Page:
Another theme deals with change of the way we live. We see that in the Jewish life in the Dominican Republic and in the Jewish neighborhood of NYC. Immigration. The conflict between cultures and general change are important issues here. Both Rothman and Eisen were forced to shape and reshape their lives with every move they went through. Now another change comes with the demolition of the rooming house and the new gentrification.

Sidransky’s character development is nothing short of brilliant in this story that is based upon memory and the need to readapt. This is a new kind of murder mystery that has the reader turning pages as quickly as is possible. Murder as self-protection is something we do not often read about.

“You Can’t Die But Once” by Penny Mickelbury— Coming Together

Mickelbury, Penny. “You Can’t Die But Once”,  (A Gianna Maglione/Mimi Patterson Mystery), Bywater Books, 2020.

Coming Together

Amos Lassen

Police Lieutenant Gianna Maglione is a new Captain in the Hate Crimes Unit and is recovering from a life-threatening gunshot injury. The unit has just been assigned a new boss, and a new squad—the Special Intelligence Mobile and Tactical Unit, of which hate crimes is a part. Gianna’s colleagues in the group are a team that is diverse and loyal. Mimi Patterson quit her job as the lead investigative reporter for the top newspaper in Washington DC’s top newspaper is persuaded to back to work. She quit because she did not want to apologize to a racist, sexist homophobe. The editor  that ordered her to do so is now gone, and coworkers are glad to have her back but on the condition that  she will not write about corrupt government officials and politicians as was her style and passion. They want her to focus stories that help people in the community.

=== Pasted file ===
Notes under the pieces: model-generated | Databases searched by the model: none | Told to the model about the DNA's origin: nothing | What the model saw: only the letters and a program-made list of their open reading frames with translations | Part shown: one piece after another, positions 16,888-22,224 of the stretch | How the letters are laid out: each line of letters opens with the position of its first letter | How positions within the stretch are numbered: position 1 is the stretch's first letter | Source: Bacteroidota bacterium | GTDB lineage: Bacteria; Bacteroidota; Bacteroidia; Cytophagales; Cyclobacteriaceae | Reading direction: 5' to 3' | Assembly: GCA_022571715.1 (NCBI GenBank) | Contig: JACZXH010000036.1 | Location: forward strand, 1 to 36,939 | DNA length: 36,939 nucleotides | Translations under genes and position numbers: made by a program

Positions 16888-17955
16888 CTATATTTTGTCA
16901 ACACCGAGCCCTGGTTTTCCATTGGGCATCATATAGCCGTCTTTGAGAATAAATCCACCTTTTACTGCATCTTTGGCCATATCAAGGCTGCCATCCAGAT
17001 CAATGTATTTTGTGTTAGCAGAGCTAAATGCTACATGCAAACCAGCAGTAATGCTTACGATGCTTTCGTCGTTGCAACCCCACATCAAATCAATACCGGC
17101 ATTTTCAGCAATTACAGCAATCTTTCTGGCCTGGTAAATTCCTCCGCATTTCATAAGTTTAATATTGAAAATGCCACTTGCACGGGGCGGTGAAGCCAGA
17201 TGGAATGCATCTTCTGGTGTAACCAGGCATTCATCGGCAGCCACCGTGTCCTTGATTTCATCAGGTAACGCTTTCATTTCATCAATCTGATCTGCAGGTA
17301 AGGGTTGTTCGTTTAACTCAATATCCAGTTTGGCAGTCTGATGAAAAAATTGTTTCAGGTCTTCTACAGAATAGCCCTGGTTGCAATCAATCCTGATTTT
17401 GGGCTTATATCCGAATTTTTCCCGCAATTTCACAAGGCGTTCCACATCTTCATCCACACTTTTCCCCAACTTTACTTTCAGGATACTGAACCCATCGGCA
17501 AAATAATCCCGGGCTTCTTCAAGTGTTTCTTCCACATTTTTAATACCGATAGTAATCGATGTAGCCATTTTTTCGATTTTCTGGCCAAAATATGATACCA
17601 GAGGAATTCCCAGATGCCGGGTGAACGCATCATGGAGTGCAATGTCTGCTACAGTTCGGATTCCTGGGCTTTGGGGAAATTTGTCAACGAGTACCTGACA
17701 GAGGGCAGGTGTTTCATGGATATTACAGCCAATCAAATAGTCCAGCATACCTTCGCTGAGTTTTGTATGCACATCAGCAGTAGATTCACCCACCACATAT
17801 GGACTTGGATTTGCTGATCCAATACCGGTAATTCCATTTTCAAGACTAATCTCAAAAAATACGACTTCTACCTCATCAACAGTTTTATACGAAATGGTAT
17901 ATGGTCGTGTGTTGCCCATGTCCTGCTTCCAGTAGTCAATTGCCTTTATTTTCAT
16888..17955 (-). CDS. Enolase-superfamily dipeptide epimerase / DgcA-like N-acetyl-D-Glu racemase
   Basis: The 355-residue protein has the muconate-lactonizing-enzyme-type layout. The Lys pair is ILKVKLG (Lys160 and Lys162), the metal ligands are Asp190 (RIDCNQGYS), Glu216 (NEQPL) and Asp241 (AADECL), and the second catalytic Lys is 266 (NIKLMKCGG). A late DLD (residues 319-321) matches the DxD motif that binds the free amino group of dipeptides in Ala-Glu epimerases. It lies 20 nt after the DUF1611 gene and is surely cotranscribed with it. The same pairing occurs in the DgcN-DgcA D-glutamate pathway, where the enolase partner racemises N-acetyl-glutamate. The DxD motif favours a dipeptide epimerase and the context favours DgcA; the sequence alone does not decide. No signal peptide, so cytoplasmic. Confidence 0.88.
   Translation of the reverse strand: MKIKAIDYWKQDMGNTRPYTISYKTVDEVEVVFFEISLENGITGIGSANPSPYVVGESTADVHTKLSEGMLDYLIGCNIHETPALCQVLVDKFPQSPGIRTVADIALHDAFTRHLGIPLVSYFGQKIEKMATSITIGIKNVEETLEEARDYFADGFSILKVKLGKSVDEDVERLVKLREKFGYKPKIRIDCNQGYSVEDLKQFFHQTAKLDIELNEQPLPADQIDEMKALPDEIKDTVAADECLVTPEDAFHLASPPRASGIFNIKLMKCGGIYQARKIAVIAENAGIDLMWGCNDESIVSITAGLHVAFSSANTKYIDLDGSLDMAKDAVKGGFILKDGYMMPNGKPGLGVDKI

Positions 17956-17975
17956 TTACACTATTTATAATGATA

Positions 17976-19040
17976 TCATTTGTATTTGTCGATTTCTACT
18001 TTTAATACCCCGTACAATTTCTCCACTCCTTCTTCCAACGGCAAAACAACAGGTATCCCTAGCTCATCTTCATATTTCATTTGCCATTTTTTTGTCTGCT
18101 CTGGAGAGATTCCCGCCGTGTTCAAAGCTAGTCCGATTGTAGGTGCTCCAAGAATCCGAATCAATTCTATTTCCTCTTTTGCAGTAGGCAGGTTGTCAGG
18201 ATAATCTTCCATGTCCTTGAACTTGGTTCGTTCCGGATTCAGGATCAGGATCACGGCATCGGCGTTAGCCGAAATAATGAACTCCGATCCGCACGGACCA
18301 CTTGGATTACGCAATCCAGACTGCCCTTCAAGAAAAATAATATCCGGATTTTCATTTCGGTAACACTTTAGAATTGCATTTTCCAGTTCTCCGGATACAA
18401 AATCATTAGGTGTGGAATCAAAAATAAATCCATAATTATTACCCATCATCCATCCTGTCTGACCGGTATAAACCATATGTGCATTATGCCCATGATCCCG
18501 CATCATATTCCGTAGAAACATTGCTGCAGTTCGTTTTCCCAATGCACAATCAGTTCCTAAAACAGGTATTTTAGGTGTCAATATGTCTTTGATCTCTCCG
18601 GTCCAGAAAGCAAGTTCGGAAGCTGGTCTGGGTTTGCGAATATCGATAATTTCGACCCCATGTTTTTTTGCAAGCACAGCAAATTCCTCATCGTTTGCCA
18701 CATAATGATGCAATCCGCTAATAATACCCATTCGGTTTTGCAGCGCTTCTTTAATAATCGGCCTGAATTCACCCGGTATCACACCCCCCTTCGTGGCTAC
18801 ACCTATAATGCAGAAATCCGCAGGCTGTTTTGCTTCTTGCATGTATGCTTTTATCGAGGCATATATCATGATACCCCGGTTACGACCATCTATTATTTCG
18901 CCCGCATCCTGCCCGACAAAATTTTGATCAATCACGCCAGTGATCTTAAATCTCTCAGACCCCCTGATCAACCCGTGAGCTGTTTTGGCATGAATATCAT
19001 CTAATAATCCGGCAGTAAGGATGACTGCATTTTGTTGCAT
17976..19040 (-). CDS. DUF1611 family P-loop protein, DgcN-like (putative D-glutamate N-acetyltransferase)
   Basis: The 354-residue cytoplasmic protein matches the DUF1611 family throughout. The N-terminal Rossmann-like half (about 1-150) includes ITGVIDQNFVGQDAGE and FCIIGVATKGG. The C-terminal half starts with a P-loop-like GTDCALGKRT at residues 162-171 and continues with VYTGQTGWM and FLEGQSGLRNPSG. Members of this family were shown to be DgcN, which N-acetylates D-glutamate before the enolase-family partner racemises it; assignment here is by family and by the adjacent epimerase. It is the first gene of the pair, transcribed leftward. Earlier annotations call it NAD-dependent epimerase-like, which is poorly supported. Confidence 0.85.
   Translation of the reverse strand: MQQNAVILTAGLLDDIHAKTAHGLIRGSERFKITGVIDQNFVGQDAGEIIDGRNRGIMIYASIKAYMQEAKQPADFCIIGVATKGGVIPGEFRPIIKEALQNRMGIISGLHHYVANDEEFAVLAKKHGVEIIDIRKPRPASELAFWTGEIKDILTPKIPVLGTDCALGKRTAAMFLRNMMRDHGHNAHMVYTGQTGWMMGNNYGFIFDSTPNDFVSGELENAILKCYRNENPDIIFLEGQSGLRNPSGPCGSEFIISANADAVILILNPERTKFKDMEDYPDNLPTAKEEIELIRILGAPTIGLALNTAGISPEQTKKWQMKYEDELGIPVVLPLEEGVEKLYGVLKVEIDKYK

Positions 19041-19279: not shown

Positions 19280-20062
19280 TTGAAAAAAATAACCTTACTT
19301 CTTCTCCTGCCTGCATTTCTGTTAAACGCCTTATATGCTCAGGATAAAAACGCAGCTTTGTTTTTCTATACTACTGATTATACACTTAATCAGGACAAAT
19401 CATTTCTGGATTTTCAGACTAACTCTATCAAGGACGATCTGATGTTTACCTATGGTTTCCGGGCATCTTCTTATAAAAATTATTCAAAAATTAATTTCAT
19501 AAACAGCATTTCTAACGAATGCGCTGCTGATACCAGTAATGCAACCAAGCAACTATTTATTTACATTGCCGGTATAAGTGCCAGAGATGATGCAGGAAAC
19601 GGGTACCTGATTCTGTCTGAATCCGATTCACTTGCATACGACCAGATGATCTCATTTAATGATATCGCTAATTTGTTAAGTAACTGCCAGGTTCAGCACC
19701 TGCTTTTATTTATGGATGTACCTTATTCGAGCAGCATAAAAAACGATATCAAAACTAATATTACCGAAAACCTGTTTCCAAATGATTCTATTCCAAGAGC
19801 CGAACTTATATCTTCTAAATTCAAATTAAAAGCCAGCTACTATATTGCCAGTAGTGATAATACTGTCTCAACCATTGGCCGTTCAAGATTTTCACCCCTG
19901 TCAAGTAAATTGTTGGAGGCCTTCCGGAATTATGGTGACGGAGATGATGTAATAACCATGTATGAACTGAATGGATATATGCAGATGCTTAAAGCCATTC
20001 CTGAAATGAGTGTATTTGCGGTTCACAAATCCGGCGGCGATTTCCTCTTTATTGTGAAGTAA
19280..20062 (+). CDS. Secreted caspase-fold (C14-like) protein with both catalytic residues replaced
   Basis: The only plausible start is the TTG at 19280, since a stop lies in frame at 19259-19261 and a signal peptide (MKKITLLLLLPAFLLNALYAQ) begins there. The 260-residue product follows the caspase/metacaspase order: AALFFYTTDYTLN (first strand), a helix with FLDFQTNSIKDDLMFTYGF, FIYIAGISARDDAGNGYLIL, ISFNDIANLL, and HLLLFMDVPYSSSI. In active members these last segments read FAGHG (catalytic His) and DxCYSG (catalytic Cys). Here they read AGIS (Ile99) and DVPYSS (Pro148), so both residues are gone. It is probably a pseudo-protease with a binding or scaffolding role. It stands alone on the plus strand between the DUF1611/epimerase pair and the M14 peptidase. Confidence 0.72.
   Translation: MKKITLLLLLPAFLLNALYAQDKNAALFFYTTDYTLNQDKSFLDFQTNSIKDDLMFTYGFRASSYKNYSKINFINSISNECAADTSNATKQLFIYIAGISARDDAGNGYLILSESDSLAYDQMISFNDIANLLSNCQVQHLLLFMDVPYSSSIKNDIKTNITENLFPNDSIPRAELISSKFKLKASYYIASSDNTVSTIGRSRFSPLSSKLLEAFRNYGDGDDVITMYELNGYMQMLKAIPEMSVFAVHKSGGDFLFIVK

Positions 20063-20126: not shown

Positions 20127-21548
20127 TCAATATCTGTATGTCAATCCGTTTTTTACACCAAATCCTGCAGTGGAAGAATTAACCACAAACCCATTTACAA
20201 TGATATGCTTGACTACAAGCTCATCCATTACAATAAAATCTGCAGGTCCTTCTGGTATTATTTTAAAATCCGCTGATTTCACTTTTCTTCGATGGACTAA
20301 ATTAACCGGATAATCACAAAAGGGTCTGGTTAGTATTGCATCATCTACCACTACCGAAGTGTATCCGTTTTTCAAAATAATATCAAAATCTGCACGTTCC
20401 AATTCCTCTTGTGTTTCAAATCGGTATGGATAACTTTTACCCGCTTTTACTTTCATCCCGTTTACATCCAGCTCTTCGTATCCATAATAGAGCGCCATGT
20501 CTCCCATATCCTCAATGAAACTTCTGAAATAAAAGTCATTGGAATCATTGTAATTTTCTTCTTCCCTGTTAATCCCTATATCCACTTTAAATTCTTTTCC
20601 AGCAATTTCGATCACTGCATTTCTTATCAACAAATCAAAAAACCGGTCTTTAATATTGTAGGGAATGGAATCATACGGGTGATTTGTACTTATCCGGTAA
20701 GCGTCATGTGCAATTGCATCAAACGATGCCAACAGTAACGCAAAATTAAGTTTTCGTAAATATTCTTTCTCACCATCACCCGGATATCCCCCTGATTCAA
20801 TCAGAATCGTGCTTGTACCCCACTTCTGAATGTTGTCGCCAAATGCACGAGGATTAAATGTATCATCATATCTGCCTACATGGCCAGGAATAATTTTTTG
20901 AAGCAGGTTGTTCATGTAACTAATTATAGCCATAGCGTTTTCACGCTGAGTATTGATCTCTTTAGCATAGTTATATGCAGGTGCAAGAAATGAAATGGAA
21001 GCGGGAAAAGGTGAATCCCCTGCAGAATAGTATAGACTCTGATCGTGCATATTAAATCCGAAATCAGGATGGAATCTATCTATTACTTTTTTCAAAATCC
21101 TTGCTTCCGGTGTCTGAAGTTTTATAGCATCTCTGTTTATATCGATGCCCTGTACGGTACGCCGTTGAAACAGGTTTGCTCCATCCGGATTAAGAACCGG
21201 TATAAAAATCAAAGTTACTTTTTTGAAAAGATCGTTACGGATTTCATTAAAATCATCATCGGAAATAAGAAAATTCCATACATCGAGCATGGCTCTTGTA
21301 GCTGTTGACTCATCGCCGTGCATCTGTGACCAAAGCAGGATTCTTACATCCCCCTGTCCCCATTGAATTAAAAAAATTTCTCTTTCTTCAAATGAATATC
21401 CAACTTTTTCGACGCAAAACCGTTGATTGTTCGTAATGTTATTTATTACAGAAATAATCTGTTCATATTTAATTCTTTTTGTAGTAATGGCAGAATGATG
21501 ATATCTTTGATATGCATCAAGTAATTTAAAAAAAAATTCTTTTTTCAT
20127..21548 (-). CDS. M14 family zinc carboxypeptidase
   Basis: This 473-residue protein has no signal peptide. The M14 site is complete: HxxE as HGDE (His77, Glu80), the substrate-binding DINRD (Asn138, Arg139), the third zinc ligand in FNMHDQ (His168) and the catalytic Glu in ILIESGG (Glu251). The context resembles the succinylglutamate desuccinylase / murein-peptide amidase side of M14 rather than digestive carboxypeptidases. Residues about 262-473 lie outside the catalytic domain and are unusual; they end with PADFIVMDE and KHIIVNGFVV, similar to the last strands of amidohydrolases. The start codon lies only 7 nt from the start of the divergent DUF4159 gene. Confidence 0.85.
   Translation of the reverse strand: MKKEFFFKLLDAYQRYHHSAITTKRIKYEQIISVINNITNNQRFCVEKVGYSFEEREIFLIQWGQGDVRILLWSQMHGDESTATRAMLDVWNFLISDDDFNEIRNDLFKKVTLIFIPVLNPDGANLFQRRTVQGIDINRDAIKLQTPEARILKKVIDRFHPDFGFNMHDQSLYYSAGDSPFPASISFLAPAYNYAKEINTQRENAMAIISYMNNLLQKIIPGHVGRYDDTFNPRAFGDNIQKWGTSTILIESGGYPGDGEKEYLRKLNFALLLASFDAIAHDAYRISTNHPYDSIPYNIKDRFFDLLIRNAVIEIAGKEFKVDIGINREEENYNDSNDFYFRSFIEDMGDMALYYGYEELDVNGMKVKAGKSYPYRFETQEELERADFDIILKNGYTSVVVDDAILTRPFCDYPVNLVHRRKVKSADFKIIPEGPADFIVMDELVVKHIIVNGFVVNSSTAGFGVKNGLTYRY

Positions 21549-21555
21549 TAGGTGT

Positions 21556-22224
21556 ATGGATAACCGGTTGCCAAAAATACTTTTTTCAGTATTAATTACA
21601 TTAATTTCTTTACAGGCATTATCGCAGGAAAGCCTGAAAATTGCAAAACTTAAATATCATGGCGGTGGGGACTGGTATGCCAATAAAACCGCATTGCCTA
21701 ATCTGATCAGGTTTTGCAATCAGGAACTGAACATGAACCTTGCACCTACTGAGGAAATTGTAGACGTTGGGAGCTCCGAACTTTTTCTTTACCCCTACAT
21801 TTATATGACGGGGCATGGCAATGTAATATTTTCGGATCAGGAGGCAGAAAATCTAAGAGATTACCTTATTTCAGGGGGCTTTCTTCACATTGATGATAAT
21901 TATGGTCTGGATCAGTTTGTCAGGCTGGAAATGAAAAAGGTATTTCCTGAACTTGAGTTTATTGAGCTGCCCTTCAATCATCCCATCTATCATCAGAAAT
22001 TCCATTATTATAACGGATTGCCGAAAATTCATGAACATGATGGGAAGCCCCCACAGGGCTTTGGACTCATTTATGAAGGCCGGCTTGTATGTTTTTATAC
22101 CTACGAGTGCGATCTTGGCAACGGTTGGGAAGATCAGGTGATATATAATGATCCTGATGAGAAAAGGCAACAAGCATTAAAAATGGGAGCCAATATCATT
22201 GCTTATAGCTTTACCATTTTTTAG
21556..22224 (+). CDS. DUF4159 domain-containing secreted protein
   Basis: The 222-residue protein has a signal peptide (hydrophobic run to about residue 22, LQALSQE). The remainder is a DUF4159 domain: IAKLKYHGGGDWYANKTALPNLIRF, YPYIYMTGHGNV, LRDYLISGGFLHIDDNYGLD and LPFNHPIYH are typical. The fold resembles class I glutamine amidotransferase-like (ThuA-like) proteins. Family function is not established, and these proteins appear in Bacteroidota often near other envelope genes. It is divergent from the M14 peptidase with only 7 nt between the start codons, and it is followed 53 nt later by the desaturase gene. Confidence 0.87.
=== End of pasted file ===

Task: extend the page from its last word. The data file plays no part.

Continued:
The novel is set at a time when hatred is everywhere and seemingly become worse all of the time. Both Mimi and Gianna have no hope and certainly realize that women are those that receive most of this hate, especially young girls. When the two women get a tip that there is a group of men and women that are dealing in the sex trade reporter and the Captain are tipped off about a depraved ring of men and women by buying and selling young girls for profit, Mimi writes the story and opens the door for Gianna and her team to destroy the group. They become focused on helping the girls while at the same time working with themselves to get over past traumas.

This is not an easy read because of the subject it is about. It is, however, important for us to be aware of such things that happen in our world.

Mimi and Gianna are lovers who are self-forced into dealing with the situation and we are with them as they grow together. They have made mistakes and have continued to do so and by working together, their relationship becomes stronger as they learn more about each other and themselves. Their two storylines come together beautifully and this is the kind of book that, heavy as it is, does not let the reader rest while reading (and even afterwards).